Anterior visual regions reflect boundary extension for remembered scenes


  • Kallie Sweetman, Psychology, University of Delaware

Faculty Mentor(s)

  • Tim Vickery, Psychological and Brain Sciences, University of Delaware
  • Helene Intraub, Psychological and Brain Sciences, University of Delaware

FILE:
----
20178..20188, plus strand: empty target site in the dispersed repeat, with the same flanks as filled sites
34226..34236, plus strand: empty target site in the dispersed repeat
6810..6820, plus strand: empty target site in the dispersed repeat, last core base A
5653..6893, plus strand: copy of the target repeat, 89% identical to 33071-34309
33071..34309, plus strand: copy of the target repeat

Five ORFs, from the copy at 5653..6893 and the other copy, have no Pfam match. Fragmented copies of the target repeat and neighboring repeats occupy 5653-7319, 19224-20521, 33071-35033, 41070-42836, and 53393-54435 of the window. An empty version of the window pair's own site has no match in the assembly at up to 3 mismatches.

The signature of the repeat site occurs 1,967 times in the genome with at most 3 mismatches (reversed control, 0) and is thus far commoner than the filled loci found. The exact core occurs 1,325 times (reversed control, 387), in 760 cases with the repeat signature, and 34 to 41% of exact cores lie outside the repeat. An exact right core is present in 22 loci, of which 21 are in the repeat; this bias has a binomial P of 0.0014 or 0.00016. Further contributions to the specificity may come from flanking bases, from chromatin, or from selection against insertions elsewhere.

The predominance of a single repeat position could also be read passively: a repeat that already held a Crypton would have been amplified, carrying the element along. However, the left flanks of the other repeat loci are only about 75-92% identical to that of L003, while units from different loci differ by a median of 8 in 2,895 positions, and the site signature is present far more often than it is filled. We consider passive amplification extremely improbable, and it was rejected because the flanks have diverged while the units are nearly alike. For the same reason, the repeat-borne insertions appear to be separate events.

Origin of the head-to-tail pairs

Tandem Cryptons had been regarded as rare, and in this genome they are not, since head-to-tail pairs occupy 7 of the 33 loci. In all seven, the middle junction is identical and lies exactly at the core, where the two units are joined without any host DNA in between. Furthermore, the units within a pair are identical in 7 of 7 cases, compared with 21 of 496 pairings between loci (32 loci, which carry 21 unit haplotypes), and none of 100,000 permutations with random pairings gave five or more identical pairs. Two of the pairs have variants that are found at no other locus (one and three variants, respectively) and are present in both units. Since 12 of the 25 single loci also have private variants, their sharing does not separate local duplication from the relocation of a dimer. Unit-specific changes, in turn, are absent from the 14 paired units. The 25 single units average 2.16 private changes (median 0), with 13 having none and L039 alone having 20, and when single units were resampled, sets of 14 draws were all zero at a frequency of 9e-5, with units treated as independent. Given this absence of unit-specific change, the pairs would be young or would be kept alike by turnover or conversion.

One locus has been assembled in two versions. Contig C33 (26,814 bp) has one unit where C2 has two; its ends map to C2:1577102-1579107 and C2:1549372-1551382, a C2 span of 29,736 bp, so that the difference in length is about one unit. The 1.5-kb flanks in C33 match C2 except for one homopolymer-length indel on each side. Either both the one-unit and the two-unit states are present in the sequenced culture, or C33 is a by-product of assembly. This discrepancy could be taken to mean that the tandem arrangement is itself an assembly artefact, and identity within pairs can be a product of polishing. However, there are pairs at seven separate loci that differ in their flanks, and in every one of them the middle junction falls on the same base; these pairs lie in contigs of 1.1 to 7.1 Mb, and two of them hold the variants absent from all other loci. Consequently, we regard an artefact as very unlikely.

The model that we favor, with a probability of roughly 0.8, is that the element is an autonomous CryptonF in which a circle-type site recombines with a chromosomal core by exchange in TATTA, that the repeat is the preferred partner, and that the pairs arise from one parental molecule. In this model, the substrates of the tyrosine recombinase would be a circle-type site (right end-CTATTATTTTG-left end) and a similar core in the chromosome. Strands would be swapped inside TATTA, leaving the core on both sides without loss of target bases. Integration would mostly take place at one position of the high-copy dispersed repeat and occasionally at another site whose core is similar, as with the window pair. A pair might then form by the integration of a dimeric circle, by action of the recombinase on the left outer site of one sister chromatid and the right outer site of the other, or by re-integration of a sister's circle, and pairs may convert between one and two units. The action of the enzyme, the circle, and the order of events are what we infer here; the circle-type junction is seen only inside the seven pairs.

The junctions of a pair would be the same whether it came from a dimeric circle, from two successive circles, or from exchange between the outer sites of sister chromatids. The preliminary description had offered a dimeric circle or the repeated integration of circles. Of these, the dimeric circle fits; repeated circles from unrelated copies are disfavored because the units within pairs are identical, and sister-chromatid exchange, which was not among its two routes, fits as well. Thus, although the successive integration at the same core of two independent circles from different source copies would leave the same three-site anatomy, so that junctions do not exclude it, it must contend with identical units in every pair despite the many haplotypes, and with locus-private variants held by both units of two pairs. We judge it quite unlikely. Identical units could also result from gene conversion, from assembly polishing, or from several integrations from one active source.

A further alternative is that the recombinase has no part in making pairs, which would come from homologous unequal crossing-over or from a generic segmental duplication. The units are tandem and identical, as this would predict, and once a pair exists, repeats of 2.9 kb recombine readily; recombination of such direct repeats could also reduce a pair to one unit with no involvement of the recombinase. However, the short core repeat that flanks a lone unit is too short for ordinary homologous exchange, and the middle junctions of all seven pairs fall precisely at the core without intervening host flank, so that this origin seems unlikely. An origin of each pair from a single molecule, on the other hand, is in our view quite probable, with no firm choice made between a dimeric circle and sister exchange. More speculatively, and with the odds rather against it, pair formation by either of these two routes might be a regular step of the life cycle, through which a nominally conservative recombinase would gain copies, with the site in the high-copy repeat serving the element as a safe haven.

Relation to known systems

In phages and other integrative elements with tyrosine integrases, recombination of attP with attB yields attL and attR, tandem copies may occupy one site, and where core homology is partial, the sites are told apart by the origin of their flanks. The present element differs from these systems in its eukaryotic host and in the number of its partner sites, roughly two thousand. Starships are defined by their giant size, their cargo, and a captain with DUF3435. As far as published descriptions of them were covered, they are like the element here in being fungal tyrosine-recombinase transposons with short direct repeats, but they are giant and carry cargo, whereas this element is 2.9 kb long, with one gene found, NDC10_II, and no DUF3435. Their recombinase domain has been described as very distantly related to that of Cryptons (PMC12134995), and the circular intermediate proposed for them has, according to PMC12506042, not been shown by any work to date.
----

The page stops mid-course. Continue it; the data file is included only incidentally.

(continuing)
Memories include more details than were actually present. Boundary extension occurs when one views a scene, including a close-up view of an object, and then, while remembering the scene, they extrapolate beyond the physical boundaries of the original image. This experiment investigates if a classifier reveals the neural basis of boundary extension. Using functional magnetic resonance imaging (fMRI), we trained a classifier to discriminate between brain patterns that were evoked by wide-view scenes versus close-view scenes. The classifier was applied to imagery of scenes, that were studied in either close- or wide-view, to determine where in the brain boundary extension occurs. We reasoned that boundary extension would result in misclassifying close-view memories as wide-view, whereas wide-view images would be classified correctly. In parietal, anterior occipital, and parahippocampal regions, we discovered a misclassification of close-view memories as wide-view, while in the early visual areas, we found an opposite result of wide-view memories misclassified as close-view. Investigating boundary extension through fMRI provides a novel tool to study this phenomenon differently from a behavioral approach.